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Kelowna  

Changing plans on UBC Okanagan downtown Kelowna tower construction

Changing plans on tower

The digging is over at the site of the UBC Okanagan downtown tower, but only because the site's engineers have put a stop to it.

Excavation work at the site of the 43-storey UBC Okanagan building going up on Doyle Avenue has damaged some nearby buildings, forcing the closure of the Legion Hall on Bertram Street and the Okanagan coLab at the corner of St. Paul and Doyle.

As a result of the unintended consequences of digging the deepest hole the city has seen for the building's parkade, UBC has now changed its plans.

“The big challenge has been the parkade, there's no question about that,” said Rob Einarson, UBC Okanagan's Associate Vice-President of Finance & Operations, during the UBC Okanagan senate meeting on Thursday.

“We've been working as hard as we can to try and minimize that. There is a new strategy that the city is accepting that will allow us to modify our parking strategy.”

During the meeting, one UBC Okanagan professor referred to the project as the “downtown disaster,” but Einarson said he'd “stop short of calling it a disaster.”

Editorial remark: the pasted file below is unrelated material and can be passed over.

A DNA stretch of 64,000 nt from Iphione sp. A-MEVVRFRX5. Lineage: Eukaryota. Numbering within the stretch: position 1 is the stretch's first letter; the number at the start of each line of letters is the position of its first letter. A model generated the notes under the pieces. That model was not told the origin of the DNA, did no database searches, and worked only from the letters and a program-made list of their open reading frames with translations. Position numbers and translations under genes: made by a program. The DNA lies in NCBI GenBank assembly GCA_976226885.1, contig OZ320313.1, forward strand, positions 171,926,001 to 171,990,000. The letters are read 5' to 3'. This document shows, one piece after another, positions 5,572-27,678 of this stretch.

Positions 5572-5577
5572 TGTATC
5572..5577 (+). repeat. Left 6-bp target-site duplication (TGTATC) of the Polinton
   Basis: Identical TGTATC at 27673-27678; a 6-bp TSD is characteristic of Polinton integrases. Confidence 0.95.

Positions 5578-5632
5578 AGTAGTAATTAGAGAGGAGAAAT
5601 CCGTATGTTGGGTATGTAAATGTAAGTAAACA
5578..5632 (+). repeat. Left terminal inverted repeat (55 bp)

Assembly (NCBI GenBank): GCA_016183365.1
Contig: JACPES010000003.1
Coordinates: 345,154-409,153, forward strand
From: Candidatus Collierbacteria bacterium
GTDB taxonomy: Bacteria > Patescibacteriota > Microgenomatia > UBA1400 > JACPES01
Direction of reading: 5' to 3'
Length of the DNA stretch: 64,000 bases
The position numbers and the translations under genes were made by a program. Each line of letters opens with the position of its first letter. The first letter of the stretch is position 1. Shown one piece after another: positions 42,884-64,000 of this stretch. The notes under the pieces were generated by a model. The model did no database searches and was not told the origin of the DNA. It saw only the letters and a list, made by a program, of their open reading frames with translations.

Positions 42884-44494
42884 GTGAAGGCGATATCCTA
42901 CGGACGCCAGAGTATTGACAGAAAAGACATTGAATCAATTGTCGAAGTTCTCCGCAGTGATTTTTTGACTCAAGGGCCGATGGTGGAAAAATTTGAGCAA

City of Kelowna Director of Planning and Development Ryan Smith says UBC stopped excavation at the site “based on the advice from their engineers,” despite initial plans to go deeper.

“Obviously some of the settlement issues they were seeing probably triggered that recommendation and UBC wants to make sure none of the properties are further impacted and they don't take unnecessary risks,” Smith said.

“We're working on what that means for parking and those types of things ... We're trying to vet the idea and make sure if the city has any conditions or requirements on the idea, that those get reviewed, and see if our counsel needs to be involved at all in the approval of that, or if that gets done at the staff level.”

Smith says a decision on what the change of plans will look like will be coming in the next couple of weeks.

Einarson told the UBC Okanagan Senate meeting that the changes are not expected to impact the timeline of the project. It's expected to open in the fall of 2027.

He added that the construction project is covered by insurance and that any potential financial consequences of the damage caused to other buildings will not be felt by UBC Okanagan.

“We're hopeful that that is not significant but if there were, that's what the building insurance is available for and it would have no impact on UBC,” Einarson said.



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